Keep Smiling

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The importance of a smile has become somewhat cliché in our culture; yet, a patient reminded me just how significant a smile can be. I was on the pulmonary service assisting with consultations at one of our hospitals and had the pleasure to consult on an 85-year-old gentleman admitted with acute heart failure with a known history of COPD. He was a veteran and, as I do with all of our veterans, I extended a firm handshake and thanked him kindly for his service upon our meeting. He expressed his appreciation.

We talked about why I was called to see him, his diagnosis and current treatment, and dwelled in conversation for a moment on how he was feeling. He noted he was doing better since they gave him the “medication to help him pee a lot” and that his legs, which were on initial presentation very edematous, had gone down now that he was several hours into the hospitalization.

As I left the room, he said, “Doctor, keep smiling.” I thought for a moment: KEEP SMILING. I already know I have a tendency to smile a lot — everybody tells me that — and I remember reading somewhere several years ago that laughter has the potential “to clear arteries.” As a physician, my initial assessment of the claim was that it lacks the evidence or even physiologic basis to be true. Yet, expressing some degree of happiness has obviously been shown to be positive and has been accepted to potentiate some degree of a health benefit. I realized by this very assertion, this elderly gentleman had realized something very important about the outward expression of happiness — how very crucial such an action can be not only to others’ perception of you but also one’s perception of oneself. It’s amazing how such an effortless expression can brighten someone’s day and make someone else smile.

As a young physician, I learned that going through the rigors of training can be quite burdensome at times. Sure, medicine is an extremely rewarding profession in more ways than one, but there are days that are “heavier” than others. It’s in those times that we as doctors may forget and even find it utterly impossible to smile. Yet, we must.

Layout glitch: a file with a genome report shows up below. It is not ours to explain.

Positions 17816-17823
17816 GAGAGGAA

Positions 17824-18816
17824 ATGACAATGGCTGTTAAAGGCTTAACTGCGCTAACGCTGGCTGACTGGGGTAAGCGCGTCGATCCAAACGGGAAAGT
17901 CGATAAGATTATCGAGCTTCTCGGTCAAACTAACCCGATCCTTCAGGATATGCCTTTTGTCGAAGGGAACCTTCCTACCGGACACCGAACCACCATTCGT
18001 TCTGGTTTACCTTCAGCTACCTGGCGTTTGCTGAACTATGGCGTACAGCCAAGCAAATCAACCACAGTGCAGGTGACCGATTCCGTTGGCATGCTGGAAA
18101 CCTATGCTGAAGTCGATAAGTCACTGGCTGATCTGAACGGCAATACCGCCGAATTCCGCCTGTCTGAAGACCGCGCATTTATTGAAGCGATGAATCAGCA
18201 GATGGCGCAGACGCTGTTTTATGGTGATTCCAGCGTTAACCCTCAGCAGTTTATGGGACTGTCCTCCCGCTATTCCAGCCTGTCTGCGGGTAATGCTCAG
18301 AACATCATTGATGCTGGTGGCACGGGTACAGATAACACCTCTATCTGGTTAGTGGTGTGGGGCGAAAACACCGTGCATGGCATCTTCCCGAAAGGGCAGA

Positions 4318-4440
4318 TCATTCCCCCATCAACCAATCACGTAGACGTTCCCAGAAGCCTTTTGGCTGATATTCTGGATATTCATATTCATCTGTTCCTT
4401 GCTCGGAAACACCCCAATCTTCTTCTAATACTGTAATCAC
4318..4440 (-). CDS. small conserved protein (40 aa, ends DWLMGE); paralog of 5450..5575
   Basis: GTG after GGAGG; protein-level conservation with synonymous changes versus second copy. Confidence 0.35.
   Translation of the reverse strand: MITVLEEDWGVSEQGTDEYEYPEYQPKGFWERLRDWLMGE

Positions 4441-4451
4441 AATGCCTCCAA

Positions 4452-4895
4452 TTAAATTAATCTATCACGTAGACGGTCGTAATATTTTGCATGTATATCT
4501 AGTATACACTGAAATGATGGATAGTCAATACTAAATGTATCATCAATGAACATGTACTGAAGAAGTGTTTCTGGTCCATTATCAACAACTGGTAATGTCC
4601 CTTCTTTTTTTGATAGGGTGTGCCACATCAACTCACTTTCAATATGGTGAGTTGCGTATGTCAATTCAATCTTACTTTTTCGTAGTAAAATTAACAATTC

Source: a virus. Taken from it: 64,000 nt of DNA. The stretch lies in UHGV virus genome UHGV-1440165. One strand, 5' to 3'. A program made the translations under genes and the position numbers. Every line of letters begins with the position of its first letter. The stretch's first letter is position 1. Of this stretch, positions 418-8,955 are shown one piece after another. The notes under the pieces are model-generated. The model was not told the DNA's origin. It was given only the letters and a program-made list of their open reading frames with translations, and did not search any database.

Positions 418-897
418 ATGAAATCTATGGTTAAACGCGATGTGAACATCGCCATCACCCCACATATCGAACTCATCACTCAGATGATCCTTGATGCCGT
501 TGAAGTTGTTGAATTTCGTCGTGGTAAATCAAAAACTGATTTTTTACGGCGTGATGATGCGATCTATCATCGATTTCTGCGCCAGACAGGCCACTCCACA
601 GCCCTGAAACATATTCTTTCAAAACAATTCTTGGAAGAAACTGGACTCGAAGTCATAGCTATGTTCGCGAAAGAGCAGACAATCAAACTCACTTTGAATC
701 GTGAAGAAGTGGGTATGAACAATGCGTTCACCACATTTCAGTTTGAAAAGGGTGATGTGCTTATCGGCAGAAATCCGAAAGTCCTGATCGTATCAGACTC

In studying the Nicomachean Ethics as an undergraduate student, I remember fondly that “happiness is an action of the soul according to virtue.” What a wonderful, Aristotelian statement. Happiness — this intangible, even cryptic entity that we as mammals have the ability to express with our senses is in fact a true expression — is an action. It requires movement. What a fascinating opportunity we get daily, as physicians, to interact with the ill, the sick, and the “least of these” in some respect. Although society places upon us the task of teaching them, we are taught, actually, by them.

This elderly gentleman, although hospitalized with a potentially fatal condition, taught me to express my happiness continually. As my patient for the moment, he found something delightful in my demeanor and wanted me to never cease to use it. To me, it’s so necessary that I must. This has been a great reminder that although we as healthcare providers employ many physical tools to treat and attempt to cure, our emotions, body language, and overall disposition can be potent tools to help us take the best possible care of our patients.

I charge everyone on the front lines of healthcare to do yourself and your patients a favor and always remember, no matter how dismal the days may get, to express yourself with goodness and a sprinkling of mercy.

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